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NEWS
February 24, 2006
RE THE MUSLIM shrine versus the cartoons: A large explosion heavily damaged the golden dome of one of Iraq's most famous Muslim Shiite religious shrines in Samarra on Feb. 22. So can someone from the Muslim society please explain how the destruction of such a famous house of worship is less of a concern to the Muslims than a cartoon of the prophet? I'm confused. Larry Lueder Mantua, N.J.
NEWS
October 13, 1986 | By Douglas J. Keating, Inquirer Staff Writer
Sheila Audet would see the face in the window of the train as she traveled to New York City. The disembodied visage, with deep-set eyes and light mustache, was not the reflection of anyone seated nearby, and it resembled no one she knew. Audet had left a career as a theater director and choreographer for what she describes as "esoteric stuff - astrology and things. " And as it turned out, the mysterious face in the window was a harbinger of her return to theater, through involvement with a production to run tomorrow through Sunday at the Annenberg Center's Harold Prince Theater.
NEWS
October 15, 1986 | By Douglas J. Keating, Inquirer Staff Writer
The Prophet by Kahlil Gibran is a book of preachments contained within the barest outline of a story. It would seem to be most unlikely material for a musical, and the show now at the Annenberg Center's Harold Prince Theater proves that it is indeed not the stuff of musicals. That is if you define a musical as a show with a book, characters and song and dance numbers that move the action and story along. The musical The Prophet has no book, and it has no characters. It is, rather, a series of self-contained scenes based on the prophet's preachings.
ENTERTAINMENT
October 16, 1986 | By MARY FLANNERY, Daily News Staff Writer
"The Prophet" at the Harold Prince Theater at the Annenberg Center, 3680 Walnut St. through Sunday. A number of recent musicals have succeeded by tugging on the fond memories that Baby Boomers have for their adolescent years. These walks down memory lane include "Grease," the off-Broadway show "Beehive" and, in a different vein, the current local hit, "Nunsense. " "The Prophet," the new musical that opened last night at the Annenberg Center's Harold Prince Theater, reaches out to those same memories.
BUSINESS
November 9, 2002 | By Wendy Tanaka INQUIRER STAFF WRITER
Prophet 21 Inc., a Yardley business-software company, said yesterday it agreed to be acquired by two private equity firms for about $70 million in cash. The deal will make Prophet 21, which became a publicly traded company in 1994, private again. "We feel that Prophet 21 will be a much stronger entity in today's environment," Chuck Boyle, the company's president and chief executive, said yesterday. As a company with a relatively few shares outstanding and a small stock-market value, he said, it has not been followed or appreciated by analysts and investors.
SPORTS
August 15, 1988 | By RICH BRADLEY and LINN WASHINGTON, Daily News Staff Writers
A boxer with "the potential to be the puncher Philadelphia has been looking for for years" was killed early Saturday morning, the result of a hit-and-run accident. Andre "Thee" Prophet, 20, and a female companion, Tres Kelly, 18, were killed when the motorcycle they were riding was struck by a hit-and-run driver at 22nd and York streets, in North Philadelphia, shortly after 5 a.m. Both Prophet and Kelly were pronounced dead at the scene, police said. Prophet, who lived with his mother in the 2400 block of North Colorado Street, a few blocks from the scene of the accident, was considered by many to be a star on the rise.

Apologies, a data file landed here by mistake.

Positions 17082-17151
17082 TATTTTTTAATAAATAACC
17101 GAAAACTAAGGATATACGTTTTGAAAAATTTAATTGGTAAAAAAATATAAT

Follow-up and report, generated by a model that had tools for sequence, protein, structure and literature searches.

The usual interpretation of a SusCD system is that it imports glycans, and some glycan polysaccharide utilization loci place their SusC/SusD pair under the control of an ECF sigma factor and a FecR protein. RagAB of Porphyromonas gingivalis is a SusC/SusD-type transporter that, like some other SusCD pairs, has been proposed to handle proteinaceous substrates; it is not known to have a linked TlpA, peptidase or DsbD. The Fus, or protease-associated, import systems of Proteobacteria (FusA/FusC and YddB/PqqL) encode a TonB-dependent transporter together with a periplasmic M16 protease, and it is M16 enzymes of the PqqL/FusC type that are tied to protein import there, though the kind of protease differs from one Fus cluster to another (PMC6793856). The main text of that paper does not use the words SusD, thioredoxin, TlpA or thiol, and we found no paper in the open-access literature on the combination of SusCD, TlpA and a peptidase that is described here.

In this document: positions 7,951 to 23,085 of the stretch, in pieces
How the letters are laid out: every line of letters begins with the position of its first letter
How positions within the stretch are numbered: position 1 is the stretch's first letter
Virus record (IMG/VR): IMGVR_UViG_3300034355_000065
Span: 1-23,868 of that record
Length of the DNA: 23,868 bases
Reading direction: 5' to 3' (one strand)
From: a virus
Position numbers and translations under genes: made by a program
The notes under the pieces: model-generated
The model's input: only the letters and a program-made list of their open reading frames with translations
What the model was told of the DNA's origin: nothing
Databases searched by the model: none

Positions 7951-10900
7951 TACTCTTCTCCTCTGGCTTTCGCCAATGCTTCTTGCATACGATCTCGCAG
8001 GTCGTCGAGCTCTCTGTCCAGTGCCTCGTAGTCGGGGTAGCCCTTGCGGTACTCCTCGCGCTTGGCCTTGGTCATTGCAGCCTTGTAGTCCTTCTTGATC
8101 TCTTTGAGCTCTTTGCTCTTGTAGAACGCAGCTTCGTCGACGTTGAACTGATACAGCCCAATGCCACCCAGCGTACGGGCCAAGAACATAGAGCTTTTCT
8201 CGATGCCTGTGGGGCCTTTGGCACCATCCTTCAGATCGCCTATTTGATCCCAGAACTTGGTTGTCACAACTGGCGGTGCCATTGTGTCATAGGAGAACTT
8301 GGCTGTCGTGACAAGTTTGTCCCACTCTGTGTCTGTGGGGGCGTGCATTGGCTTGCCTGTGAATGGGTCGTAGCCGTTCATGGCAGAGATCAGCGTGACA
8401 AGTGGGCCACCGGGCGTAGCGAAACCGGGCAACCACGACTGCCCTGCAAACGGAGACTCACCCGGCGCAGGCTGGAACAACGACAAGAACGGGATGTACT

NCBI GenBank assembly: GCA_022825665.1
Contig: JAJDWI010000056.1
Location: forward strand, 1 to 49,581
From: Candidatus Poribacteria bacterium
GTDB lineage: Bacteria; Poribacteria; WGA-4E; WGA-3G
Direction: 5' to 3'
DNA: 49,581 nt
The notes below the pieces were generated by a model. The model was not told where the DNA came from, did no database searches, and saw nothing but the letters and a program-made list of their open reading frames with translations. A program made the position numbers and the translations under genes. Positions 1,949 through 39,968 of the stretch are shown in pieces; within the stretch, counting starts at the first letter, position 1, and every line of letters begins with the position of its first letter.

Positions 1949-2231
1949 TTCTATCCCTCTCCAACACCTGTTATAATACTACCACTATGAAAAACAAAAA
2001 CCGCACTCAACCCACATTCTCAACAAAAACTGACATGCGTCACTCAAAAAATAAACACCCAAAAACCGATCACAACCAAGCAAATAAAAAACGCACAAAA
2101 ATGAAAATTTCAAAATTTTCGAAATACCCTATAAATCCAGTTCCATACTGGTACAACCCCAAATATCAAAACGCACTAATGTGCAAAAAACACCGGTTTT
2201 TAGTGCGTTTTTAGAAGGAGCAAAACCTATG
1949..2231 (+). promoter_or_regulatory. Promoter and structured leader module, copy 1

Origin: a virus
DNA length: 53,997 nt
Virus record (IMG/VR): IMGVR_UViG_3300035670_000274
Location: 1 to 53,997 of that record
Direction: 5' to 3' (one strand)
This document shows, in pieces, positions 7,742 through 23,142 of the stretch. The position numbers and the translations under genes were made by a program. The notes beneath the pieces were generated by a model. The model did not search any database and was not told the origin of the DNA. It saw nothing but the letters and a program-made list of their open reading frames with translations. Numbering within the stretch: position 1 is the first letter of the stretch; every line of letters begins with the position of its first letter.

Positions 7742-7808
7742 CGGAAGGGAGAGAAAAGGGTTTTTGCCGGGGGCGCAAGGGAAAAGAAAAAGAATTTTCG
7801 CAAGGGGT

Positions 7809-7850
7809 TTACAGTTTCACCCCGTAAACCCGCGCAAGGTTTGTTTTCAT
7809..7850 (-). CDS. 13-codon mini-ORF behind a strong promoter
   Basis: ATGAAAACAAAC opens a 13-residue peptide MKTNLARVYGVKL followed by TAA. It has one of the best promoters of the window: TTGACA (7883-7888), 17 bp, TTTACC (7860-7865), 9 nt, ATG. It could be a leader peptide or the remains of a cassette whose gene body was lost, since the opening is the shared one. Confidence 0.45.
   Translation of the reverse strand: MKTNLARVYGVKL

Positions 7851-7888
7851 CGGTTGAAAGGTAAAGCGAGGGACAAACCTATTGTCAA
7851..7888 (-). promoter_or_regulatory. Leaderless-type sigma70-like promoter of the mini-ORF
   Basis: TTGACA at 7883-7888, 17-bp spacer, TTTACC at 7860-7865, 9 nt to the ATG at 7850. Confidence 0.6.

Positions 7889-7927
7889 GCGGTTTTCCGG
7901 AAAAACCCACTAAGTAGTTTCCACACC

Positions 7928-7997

NEWS
August 9, 2012 | By Mansur Mirovalev, Associated Press
MOSCOW - A self-proclaimed prophet had a vision from God: He would build an Islamic caliphate under the earth. The digging began about a decade ago, and 70 followers soon moved into an eight-level subterranean honeycomb of cramped cells with no light, heat, or ventilation. Children were born. They, too, lived in the cold underground cells for many years - until authorities raided the compound last week and freed the 27 sons and daughters of the sect. Ages 1 to 17, the children rarely saw the light of day and had never left the property, attended school, or been seen by a doctor, officials said Wednesday.
NEWS
February 19, 2008 | By Chris Satullo
Jim Wallis is a prophet rapidly gaining honor in his own land. His new book, The Great Awakening, just hit the New York Times best-seller list. Jon Stewart fawns over him. On his book tour, Wallis speaks to large, rapt audiences, as he did last week at the Episcopal Church of St. Martin-in-the-Fields in Chestnut Hill. Wallis, a founder of the Sojourners revival movement, seeks to be a prophet in the biblical sense - a man driven to proclaim the hard truths that God has branded on his heart to a skeptical people in a stubborn time.
BUSINESS
August 18, 2005 | By Akweli Parker INQUIRER STAFF WRITER
Yardley software-maker Prophet 21 Inc. said yesterday it was being acquired by Activant Solutions Inc., an Austin, Texas-based business-to-business software firm, for $215 million. Prophet 21 makes e-commerce software for distributors in industries including ones dealing in fasteners, electrical, medical and plumbing. It employs about 530, two-thirds of them in Yardley. The firm is on pace to do $85 million in sales this year, Prophet 21 chief executive officer Chuck Boyle said.
SPORTS
March 16, 1988 | By BERNARD FERNANDEZ, Daily News Sports Writer
Making his debut as a main-event fighter, Germantown cruiserweight Nate "Mr. " Miller escaped the clutch-and-grab tactics of Ricardo Spain long enough to score a fifth-round technical knockout in the co-featured bout last night at the Blue Horizon. In the other co-feature, light-heavyweight Andre "Thee" Prophet, a senior at Simon Gratz High, remained undefeated with a unanimous eight-round decision over fellow North Philadelphian William Morris. Miller (10-0, 9 knockouts), who is 28th in the latest World Boxing Council ratings, had met Spain before, and won a six-round decision in 1987 in the only fight of Miller's career to go the distance.